Fewer Australians are using hats to protect themselves from the sun and, as a result, are getting sunburnt on their face, head, nose or ears, Cancer Council research shows.
The data from Cancer Council’s National Sun Protection Survey reveals that just 44% of Australian adults wear a hat when exposed to UV on summer weekends, down from 48% in 2003.
Australian adults’ use of clothing to protect their skin also decreased and their tendency to seek shade during peak UV times showed no improvement. However, there was also good news, with the survey showing that Australian’s use of sunscreen has increased.
In light of the findings, Cancer Council and the Australasian College of Dermatologists have come together during National Skin Cancer Action week (20-26 November) to remind Australians to be SunSmart by following Cancer Council’s five important steps to sun protection: slip, slop, slap, seek and slide.
CEO of Cancer Council Australia, Professor Sanchia Aranda, says the results show too few Australians are remembering to use a combination of sun protection measures.
“A four percent drop in hat usage may sound small, but any downward trend is a concern,” she says.
“This latest data shows that over 640,000 Australians have stopped wearing a hat to protect themselves when exposed to UV on weekends and in total almost 10.6 million Australians don’t wear a hat when out in the sun on summer weekends.
“Only one in five adults used three or more sun protection measures during summer, which is a real worry given the prevalence of skin cancer in Australia.
“There can be a tendency from many Australians to slop on some sunscreen and think they are protected all day long. But sunscreen isn’t a suit of armour. It should be your last line of defence – a hat, clothing, sunglasses and shade are also key to protecting your skin,” Prof Aranda says.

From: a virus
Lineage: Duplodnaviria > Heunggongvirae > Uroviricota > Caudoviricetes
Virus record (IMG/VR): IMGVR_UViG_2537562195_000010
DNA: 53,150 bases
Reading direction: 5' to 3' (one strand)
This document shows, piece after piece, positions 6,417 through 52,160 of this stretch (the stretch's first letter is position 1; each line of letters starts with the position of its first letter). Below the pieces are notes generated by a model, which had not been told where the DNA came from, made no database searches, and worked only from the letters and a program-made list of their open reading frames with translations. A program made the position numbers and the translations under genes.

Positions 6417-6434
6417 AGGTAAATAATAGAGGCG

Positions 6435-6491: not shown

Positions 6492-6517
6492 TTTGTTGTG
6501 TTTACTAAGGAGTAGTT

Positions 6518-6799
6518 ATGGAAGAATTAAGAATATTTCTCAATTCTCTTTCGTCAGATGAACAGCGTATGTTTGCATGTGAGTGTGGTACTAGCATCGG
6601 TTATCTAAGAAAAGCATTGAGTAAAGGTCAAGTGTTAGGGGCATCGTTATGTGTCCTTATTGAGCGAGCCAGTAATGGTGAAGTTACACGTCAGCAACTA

The data also showed some worrying trends indicating that the lack of broadbrim hats and clothing was translating to the places on the body where Australians are sunburnt.
“The research shows that the face, head, nose, or ears are the most common places on the body that Australians get sunburnt, alongside the arms and hands,” Prof Aranda says.
“There’s no doubt that by neglecting to slap on a broadbrim hat Aussies are putting themselves at risk of a potentially deadly skin cancer.”
Australasian College of Dermatologists’ President, Associate Professor Chris Baker, says that dermatologists regularly treat skin cancers that could have been easily prevented through proper sun protection.
“Dermatologists see a lot of skin cancers on the face, ears, head and neck,” A/PRof Baker says.
“These skin cancers are particularly concerning because they can arise quickly and are more difficult to treat. Surgery is the most common treatment, with visible scarring often unavoidable.
“Other treatments include topical therapy for some early skin cancers through to radiotherapy and chemotherapy for more advanced cancers. Sadly we don’t always get them in time.”
He also urged Australians to keep a close eye on their skin, know what normal spots they have and to keep a watch for any changes.
“It’s important to remember that skin cancer can be prevented and, if detected early, can often be successfully treated. If you notice any changes in size, shape or colour of an existing spot, or the development of a new spot, you should get it checked as soon as possible.”